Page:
Over the last several years, quality of life has remained relatively consistent in Hampton Roads. In 2013, 63.7 percent of respondents rated the quality of life in Hampton Roads as excellent or good. In 2014, 71.2 percent of respondents rated quality of life in Hampton Roads as excellent or good; in 2015, 72.9 percent; and in 2016, 70.3 percent. In 2017, there was a slight increase in the percentage of respondents who rated quality of life in Hampton Roads as excellent or good (71.2 percent). Focusing on the other end of the spectrum, ratings of the quality of life as poor have been consistently low (always less than 5 percent) and decreased from 3.7 percent in 2013 to 3.1 percent in 2017, although this is slightly higher than the three previous years (2.6 percent, 2.3 percent, and 2.7 percent, respectively).
Consistent with the mixed role played by the economy in respondents' evaluation of regional quality of life, ratings of the regional economy remained relatively stable from years past. Survey respondents were asked to rate the economic conditions in Hampton Roads today. A vast majority of our respondents answered good (43.4 percent) or fair (40.4 percent. The percentage of respondents who feel the economy is doing 'good' has declined nearly seven percent since 2015. Conversely, 8.2 percent said that they believed that the economic conditions were poor. Only 6.2 percent of residents believed economic conditions to be excellent.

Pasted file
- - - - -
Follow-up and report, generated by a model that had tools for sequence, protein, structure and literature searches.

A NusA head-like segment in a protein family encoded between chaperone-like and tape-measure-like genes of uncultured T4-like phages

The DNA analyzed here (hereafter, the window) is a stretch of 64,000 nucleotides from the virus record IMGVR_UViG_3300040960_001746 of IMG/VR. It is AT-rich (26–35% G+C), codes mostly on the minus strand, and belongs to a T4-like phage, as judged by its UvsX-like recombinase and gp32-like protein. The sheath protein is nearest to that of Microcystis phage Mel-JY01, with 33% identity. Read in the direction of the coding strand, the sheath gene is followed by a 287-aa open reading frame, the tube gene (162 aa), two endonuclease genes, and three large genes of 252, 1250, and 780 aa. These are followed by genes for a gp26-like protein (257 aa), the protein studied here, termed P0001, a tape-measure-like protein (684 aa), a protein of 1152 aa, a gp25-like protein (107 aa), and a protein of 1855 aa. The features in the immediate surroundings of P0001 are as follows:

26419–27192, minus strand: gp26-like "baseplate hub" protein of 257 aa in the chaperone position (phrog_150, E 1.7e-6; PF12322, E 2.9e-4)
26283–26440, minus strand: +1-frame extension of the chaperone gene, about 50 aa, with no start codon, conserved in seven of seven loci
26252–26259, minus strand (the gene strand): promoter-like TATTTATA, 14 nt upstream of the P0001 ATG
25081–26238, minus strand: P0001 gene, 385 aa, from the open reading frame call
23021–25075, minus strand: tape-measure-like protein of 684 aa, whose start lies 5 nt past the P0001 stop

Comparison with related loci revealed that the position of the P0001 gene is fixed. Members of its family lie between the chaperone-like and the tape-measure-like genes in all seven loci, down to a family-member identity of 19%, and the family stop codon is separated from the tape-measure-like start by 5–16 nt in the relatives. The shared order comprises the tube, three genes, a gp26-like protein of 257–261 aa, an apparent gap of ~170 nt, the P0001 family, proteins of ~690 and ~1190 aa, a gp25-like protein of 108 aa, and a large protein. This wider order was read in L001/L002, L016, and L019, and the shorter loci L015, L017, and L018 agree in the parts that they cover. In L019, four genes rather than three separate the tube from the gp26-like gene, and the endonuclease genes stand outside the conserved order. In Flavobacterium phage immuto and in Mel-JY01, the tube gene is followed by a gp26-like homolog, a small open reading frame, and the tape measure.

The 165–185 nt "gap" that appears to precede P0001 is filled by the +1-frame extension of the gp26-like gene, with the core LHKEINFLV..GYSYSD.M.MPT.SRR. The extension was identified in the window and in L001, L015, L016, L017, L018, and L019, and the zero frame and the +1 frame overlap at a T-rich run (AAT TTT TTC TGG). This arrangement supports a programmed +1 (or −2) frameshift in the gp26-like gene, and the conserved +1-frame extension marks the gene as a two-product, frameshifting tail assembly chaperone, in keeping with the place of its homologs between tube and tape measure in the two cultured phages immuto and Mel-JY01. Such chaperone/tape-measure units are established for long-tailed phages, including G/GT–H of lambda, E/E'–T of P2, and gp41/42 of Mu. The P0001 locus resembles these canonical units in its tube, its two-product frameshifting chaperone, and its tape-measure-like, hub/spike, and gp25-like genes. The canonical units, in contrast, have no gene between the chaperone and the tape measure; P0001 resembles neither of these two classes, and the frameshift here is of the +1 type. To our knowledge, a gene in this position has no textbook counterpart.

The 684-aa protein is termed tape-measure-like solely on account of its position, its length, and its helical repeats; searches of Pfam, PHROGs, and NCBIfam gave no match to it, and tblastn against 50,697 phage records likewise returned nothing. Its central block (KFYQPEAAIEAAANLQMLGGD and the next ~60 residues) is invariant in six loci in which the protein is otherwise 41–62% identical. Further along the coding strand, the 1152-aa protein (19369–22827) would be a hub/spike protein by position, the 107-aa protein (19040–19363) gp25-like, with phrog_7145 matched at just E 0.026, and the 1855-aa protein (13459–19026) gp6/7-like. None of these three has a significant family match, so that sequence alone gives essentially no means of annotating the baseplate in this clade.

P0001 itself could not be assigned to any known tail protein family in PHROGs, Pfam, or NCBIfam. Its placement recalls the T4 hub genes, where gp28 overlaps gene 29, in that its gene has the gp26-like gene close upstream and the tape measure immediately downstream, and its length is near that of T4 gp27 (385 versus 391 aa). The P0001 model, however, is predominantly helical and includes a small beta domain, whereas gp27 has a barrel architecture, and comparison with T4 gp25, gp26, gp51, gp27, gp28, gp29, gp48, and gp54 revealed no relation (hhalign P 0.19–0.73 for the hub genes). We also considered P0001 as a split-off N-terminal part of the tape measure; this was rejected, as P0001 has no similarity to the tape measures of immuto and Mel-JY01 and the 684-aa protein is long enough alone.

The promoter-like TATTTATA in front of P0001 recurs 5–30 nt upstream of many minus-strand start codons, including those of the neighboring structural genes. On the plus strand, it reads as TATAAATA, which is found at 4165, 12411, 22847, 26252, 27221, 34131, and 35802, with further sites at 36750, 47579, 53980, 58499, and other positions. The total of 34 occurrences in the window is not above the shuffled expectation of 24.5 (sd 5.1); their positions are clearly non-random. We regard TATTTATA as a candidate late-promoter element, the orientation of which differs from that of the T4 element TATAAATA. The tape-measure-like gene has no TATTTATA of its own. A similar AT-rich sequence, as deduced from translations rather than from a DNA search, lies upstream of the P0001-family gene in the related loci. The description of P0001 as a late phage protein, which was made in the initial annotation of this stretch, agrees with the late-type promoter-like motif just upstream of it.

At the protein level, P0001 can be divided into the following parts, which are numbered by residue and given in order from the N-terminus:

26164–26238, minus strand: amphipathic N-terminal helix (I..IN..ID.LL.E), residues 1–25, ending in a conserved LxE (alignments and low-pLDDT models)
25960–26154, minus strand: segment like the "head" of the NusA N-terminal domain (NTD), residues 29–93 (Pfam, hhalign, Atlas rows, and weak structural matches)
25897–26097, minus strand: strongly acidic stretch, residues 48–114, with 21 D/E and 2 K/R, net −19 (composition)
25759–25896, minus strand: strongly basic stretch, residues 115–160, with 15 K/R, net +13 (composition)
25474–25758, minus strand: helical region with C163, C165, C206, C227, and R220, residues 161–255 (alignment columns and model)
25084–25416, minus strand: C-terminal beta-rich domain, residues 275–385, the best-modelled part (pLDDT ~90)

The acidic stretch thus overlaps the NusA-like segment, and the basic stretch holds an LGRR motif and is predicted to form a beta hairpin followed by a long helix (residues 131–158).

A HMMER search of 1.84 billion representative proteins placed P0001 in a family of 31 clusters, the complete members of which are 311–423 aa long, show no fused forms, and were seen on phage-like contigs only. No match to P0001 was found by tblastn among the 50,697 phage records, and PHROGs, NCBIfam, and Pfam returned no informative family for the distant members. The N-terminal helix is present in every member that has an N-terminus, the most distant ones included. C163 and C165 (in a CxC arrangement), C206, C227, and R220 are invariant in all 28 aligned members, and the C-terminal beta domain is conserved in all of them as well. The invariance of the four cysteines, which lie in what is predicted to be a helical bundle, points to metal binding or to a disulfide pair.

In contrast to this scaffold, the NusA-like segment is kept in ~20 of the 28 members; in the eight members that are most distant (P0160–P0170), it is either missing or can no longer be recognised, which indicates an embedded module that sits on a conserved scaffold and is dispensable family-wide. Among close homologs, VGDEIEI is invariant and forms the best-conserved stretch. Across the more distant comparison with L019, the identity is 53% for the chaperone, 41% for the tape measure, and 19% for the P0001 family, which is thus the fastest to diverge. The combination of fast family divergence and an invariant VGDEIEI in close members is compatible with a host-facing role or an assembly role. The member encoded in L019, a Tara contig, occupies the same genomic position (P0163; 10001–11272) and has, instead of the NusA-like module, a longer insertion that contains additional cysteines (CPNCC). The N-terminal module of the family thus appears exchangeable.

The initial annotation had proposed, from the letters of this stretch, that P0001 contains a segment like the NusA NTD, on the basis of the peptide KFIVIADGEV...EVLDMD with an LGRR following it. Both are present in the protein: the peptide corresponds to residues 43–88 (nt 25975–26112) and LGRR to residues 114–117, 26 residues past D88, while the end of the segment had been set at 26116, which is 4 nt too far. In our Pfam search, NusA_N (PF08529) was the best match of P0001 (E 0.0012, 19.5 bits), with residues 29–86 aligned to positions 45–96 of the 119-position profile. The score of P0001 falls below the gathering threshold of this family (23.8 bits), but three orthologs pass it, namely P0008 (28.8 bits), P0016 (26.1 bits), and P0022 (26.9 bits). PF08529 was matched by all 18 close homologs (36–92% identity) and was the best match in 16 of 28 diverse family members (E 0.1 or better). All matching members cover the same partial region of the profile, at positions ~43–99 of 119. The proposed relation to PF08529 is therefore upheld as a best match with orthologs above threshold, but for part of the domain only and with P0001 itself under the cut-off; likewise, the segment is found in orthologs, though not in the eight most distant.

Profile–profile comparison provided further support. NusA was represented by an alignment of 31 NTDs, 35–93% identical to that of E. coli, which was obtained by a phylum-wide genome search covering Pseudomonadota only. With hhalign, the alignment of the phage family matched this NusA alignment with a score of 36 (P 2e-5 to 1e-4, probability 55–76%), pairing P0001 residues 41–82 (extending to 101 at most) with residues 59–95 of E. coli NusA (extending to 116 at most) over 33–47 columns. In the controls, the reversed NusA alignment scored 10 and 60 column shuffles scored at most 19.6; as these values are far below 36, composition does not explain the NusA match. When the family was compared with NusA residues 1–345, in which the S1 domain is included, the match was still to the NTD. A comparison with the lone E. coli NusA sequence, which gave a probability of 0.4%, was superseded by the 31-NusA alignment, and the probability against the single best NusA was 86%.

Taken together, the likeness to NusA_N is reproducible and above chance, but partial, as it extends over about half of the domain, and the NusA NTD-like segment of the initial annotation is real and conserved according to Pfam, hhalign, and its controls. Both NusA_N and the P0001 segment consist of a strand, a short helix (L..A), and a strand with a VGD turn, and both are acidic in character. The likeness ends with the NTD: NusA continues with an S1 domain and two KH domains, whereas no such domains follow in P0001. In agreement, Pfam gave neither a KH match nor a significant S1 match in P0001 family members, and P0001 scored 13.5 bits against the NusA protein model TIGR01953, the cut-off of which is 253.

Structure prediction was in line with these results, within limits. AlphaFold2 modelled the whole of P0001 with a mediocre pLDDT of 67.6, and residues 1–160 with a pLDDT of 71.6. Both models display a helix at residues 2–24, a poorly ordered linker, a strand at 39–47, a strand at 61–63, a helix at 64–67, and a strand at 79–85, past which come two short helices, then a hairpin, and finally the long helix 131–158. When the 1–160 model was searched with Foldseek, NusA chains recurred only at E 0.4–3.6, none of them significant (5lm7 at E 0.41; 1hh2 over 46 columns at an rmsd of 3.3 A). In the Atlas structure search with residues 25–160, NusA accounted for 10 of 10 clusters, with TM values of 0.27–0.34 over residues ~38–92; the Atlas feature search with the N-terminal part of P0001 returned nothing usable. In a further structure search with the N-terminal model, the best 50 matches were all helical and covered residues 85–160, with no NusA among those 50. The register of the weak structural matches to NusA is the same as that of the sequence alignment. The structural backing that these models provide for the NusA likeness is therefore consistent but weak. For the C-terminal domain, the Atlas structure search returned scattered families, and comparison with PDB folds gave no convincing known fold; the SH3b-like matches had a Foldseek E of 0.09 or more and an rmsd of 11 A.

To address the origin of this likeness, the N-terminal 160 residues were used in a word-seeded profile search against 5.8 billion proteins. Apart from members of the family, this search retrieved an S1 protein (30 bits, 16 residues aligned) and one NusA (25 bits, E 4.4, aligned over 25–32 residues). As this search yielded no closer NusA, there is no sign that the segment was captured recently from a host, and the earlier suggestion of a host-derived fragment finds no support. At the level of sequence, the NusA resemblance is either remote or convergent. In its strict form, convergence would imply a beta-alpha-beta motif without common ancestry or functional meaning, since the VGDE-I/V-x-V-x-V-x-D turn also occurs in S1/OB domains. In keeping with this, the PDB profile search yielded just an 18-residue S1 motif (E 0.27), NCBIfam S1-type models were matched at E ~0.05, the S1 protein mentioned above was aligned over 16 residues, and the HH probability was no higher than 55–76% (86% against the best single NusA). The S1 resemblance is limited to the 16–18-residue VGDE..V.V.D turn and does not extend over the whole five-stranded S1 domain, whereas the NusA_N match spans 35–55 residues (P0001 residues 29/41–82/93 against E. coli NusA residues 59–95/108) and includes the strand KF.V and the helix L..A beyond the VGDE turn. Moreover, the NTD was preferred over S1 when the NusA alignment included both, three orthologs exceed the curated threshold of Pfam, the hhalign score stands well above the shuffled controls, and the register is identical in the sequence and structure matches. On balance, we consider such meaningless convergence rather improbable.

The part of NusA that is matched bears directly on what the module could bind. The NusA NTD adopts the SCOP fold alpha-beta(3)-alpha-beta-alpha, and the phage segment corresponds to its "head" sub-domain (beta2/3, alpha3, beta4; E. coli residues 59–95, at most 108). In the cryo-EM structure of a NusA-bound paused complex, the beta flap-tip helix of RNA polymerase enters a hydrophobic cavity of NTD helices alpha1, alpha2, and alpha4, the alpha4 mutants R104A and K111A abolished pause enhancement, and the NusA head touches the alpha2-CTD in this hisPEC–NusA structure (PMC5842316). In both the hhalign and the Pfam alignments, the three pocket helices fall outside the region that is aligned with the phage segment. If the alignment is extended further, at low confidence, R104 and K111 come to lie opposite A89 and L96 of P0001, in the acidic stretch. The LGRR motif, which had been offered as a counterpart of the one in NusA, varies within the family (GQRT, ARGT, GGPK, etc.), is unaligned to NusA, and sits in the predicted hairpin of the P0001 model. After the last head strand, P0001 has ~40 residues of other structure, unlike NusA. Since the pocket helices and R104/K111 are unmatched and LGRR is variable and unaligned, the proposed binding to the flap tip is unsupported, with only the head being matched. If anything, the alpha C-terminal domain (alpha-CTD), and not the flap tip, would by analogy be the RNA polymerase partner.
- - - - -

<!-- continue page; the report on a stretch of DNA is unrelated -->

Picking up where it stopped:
Respondents were asked whether or not they own or are in the process of buying their home, rent or have some other arrangement. Similar to past years, the majority of residents reported that they own or are in the process of buying their home (65.1 percent). Another 30.6 percent indicated that they rent, while only 3.8 percent reported having another arrangement.
The 2017 Life in Hampton Roads survey examined sub-regional measures of neighborhood and city quality of life and also examined relevant measures at the city level. Although such analyses have significant value, they should also be understood in the context of the much greater uncertainty associated with inferences from sub-population analyses. The maximum margin of error, including design effects from weighting, for the entire sample of LIHR is 3.27 percent (95 percent confidence level). Thus, only quite large differences between subsample groups are statistically significant and the margin of error for individual cities will be much larger.
Respondents were asked to rate the quality of life for their city of residence. Over 70 percent of respondents reported the quality of life in their city as excellent or good (17.4 percent and 54.1 percent, respectively). Another 28.2 percent rated the quality of life in their city as either fair (24.1 percent) or poor (4.1 percent).